Thursday, April 28, 2011

Windbound

I got into a predicament that forced me off the water.  After paddling to Navarre Bridge with Jim Parker, I found there was no place ahead that I could get to, and needed a place to stop.  I was up against miles of restricted area of Eglin Air Force Base, and a county park area where camping is not allowed.   The only option was going backwards five miles---not about to happen.  I was given a chance to stay on the fence line between the county and federal properties for the night after the beach closed.  Storms today and tomorrow with 35 mph winds forecast  meant I had to get somewhere.  Staying wasn’t possible, and moving wasn’t possible.  Then I had a boat breakage.  I have a stowage compartment next to the seat, and it let go.  It’s nothing that affects performance or safety, but I’ll see if I can do something with it.  Also, I have 17 festered fire ant bites on the right foot and a couple on the left that need tending to.  So, long story-short, Jean picked me up for R&R, laundry, gear cleaning and repacking.   
This was at the start.  I had been advised to fly a flag to keep from being run down by bass boats.  After pushing the mast and flag through the wind for a day, that was the first thing to go.

We made a run into Fort Walton Beach in search of wicking shirts.  I had read never to carry anything in cotton---it’s impossible to dry, promotes hypothermia in colder water, and accumulates its own weight in salt.   I didn’t understand that never meant NEVER, NEVER, EVER, EVER, EVER,  so I carried a couple cotton long-sleeved shirts.  I was absolutely rotting in them.  One I rinsed in some of my valuable fresh water and spent the next three days trying to dry.  It never did.  I took the cotton not out of ignorance, I knew better, but I had them and couldn’t see the expense of pricey synthetic wicking shirts.  I now consider them an investment.  While shopping we stopped at Fokkers Sports Pub at 196 Miracle Strip Pkwy, D-1.  Fantastic sandwiches and iced tea, and not lessened by being without real food for nearly a week.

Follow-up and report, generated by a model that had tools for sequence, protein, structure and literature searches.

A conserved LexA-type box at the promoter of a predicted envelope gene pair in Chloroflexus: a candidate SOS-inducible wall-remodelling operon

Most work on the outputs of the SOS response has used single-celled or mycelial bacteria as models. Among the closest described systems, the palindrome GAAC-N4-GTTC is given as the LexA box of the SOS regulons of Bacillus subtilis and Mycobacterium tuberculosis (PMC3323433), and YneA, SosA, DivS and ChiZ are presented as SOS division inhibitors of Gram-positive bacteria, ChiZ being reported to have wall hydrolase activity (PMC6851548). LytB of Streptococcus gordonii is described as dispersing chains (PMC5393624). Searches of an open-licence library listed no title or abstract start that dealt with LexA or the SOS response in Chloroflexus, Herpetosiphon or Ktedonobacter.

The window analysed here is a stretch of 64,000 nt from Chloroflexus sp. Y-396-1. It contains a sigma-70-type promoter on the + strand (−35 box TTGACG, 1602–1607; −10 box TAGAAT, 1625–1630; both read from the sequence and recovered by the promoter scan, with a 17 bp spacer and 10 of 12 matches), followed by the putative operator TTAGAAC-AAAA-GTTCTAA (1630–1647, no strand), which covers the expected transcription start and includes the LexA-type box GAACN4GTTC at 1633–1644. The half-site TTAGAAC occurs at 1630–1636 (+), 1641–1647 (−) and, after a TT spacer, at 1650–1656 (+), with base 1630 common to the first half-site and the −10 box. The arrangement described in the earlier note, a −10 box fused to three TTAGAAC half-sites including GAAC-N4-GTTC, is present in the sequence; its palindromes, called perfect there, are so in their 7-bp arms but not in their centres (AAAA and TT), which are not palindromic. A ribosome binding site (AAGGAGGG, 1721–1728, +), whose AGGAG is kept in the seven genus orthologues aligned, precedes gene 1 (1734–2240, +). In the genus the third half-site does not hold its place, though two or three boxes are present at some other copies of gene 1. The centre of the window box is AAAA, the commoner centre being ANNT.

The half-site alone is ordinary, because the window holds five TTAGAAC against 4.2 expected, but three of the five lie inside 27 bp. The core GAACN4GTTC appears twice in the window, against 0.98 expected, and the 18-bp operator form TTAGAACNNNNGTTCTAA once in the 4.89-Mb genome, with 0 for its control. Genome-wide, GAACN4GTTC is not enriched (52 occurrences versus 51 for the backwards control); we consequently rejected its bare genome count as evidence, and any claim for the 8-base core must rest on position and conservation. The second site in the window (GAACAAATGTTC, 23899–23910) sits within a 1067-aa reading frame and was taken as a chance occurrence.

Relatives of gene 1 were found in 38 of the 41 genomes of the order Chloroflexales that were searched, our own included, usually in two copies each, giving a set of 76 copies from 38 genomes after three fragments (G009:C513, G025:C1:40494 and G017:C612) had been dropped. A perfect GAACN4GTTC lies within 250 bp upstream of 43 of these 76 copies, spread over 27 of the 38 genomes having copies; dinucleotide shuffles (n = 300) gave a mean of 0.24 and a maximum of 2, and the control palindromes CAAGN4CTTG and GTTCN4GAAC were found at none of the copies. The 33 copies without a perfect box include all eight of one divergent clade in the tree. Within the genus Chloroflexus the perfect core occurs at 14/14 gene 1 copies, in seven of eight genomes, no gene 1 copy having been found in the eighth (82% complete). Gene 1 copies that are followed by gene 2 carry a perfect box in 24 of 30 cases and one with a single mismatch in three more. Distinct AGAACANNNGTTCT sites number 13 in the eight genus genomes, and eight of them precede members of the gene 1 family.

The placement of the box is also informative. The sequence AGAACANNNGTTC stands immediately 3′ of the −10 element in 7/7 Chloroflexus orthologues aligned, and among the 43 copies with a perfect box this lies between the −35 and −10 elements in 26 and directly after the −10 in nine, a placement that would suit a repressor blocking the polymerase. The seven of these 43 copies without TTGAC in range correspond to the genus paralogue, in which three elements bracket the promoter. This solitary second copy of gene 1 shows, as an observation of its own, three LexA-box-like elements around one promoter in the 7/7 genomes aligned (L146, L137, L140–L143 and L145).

First night's camp.

The tug 'Good Shepherd'.
Sun., Day 2 –  A grueling day.  I departed at 8 a.m., with the wind 15-18 on the nose and 1-2 ft. breaking whitecaps.  I got to use the spray skirt for the first time.  It was a good day in that I got the chance to get into a much better and more comfortable rhythm with the boat.  The greatest concern was the riprap covered shore that runs half the length of Escambia Bay.  The huge stone and concrete waste that covers the shore would have given anyone little chance to make it off the water in rough conditions.  Being sore or tired didn’t matter; there was no choice but to grit and keep going.  I crossed Escambia Bay next to the Gulf Breeze bridge, and finally found a camping spot on Dead Man Island, Old Navy Cover, west of the  bridge.
Dead Man's Island (local name) near Gulf Breeze.